Historically, plants have provided a good source of anti-infective agents with compounds which are highly effective instruments in the fight against microbial infections. Phytomedicines derived from plants have shown great promise in the treatment of intractable infectious diseases including opportunistic AIDs infection. Plants containing protoberines and related alkaloids, picrolema types indole, alkaloids and garcinea biflavones used in traditional African system of medicine have been found to be active against a wide variety of microorganisms (Iwu et al., 1999). Though soil microorganisms produce most of the clinically used antibiotics, higher plants have also been a source of antibiotics (Omar et al., 2000).
Senna alata (Ring worm cassia or candle bush) belongs to the family Caesalpinaceae, 6-12 feet tall shrub with erect waxy yellow spikes that resembles fat candles before the individual blossoms open. The buds are rounded with five overlaping sepals and five free or less equal petals narrowed at the base. The flowers are bisexual and zygomorphic. The ovary is superior with marginal placentation. The leaves are large, bilaterally symmetrical with even-pinnate. Leaflets are 8-20, four pairs with lanceolate shape and smooth margin. The fruit is a winged pod and the seeds are small and square. The plant is usually found in secondary vegetation or along riverbanks (Ibrahim and Osma, 1995).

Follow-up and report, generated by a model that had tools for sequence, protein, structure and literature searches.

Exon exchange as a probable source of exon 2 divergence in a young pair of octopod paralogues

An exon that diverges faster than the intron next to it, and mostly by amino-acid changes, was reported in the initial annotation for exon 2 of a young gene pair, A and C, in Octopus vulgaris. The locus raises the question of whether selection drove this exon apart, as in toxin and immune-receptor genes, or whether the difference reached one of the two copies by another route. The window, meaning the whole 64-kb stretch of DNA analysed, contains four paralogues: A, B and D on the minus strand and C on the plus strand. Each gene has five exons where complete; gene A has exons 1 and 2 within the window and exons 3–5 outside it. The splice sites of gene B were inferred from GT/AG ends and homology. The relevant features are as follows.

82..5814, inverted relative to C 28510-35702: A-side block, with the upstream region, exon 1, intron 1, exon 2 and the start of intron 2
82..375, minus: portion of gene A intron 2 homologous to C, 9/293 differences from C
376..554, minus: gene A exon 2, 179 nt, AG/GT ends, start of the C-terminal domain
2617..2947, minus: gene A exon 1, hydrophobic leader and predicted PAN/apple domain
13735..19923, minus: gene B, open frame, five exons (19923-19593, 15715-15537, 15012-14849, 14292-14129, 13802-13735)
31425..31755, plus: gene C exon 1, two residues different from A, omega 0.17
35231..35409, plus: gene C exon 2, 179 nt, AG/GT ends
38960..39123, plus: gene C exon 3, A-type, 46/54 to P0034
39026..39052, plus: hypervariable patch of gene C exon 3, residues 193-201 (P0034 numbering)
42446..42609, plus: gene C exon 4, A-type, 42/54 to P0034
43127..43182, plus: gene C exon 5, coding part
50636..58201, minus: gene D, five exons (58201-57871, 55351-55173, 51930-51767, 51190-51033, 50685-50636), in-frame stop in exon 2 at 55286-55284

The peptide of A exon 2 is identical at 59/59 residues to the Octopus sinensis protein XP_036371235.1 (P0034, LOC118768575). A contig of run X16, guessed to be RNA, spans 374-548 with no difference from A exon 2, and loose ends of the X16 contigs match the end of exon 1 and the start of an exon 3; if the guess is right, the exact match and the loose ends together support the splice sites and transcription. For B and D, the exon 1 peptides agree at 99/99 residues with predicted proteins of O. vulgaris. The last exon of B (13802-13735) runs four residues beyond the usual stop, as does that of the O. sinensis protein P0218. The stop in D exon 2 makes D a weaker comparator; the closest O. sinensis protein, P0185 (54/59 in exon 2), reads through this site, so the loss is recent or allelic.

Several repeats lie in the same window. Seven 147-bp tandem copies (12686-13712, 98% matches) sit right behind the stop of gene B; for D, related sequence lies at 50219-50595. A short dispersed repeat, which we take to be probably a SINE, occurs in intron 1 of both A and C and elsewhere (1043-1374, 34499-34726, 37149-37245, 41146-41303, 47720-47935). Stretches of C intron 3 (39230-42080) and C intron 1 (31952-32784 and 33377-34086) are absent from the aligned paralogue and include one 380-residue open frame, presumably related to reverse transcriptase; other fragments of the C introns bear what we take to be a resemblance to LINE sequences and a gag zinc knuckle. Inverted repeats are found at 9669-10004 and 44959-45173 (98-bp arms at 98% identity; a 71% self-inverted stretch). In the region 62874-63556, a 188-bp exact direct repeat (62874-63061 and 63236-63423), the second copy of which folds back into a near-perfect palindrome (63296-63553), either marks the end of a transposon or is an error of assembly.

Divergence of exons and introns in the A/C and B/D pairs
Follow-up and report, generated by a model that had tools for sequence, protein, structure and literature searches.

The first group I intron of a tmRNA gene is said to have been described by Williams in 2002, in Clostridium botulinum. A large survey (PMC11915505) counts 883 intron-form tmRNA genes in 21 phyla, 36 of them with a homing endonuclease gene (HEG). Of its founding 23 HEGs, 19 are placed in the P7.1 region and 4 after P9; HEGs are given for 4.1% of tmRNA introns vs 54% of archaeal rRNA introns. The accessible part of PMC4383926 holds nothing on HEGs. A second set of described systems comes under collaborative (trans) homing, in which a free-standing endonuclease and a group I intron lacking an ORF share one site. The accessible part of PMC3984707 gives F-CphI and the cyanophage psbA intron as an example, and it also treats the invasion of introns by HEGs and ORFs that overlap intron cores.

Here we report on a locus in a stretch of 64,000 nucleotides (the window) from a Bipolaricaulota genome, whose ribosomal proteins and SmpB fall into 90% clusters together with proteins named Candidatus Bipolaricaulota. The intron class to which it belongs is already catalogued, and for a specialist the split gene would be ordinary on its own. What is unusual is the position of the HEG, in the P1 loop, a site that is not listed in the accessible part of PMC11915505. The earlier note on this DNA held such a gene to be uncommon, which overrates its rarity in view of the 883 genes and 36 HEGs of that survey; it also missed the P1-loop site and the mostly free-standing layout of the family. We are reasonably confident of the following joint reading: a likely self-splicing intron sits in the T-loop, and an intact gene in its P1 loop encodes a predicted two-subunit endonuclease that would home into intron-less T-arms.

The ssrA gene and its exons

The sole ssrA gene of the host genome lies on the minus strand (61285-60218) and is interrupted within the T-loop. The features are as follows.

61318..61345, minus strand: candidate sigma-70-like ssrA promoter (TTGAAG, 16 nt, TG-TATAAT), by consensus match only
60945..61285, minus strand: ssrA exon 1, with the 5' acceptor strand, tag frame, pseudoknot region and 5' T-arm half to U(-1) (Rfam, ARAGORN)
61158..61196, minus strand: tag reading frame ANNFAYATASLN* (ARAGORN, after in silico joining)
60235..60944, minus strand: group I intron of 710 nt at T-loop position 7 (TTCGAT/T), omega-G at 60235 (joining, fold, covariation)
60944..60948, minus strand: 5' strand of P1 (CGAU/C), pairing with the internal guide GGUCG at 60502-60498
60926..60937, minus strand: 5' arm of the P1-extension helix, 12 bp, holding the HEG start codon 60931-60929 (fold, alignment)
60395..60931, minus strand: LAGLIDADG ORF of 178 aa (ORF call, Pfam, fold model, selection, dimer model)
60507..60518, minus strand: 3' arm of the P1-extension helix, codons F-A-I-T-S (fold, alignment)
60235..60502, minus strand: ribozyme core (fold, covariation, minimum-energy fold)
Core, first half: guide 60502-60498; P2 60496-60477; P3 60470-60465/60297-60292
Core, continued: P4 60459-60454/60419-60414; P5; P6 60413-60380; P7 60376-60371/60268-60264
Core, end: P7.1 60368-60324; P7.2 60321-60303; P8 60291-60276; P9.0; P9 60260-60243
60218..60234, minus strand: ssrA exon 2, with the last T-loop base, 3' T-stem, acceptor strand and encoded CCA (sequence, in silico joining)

Senna alata has been identified as a medicinal plant used in the cure of many ailments and diseases in many parts of the world. The leaves are taken internally as an effective laxative (Ogunti and Elujoba, 1993). Decoction of the leaves, flowers, bark and wood of the plant are reported to treat skin diseases such as purities eczema and itching (Abatan, 1990; Benjamin and Lamikaria, 1981), an infusion of the flowers is used for asthma and bronchitis (Ibrahim and Osman, 1995). A decoction of flowers is also used as an expectorant in bronchitis and dysporea, as an astringent and also as a mouthwash in stomatitis. In Nigeria and Sierra Leone (West Africa), it possesses a reputation in folklore for laxative properties (Macfoy and Sanna, 1983; Giron et al., 1991; Ogunti and Elujobi, 1993; Coee and Anderson, 1996). A lot of research works with respect to antimicrobial property of Senna alata leaves have been conducted by many researchers, but not much work has been done on the flowers. The plant has been reported to have anti-microbial activity against Aspergillus brevipus, Geotrichum candidum, Penicillium species and Fusarium oxysporum (Adebayo et al., 1991), while Ibrahim and Osama (1995) reported the leaf to have antimicrobial activity against Trichophytorn mentagrophytes, Mycrosporum canis and Mycrosporum gypseum. Vaijayanthimala et al. (2000) reported activity of water extract leaf on Candida albicans and Ikenebomeh and Metitiri (1988) reported antimicrobial activity of Cassia alata on Escherichia coli, Aspergillus niger, Pennicillium expasum and Trichophyton tonsurans.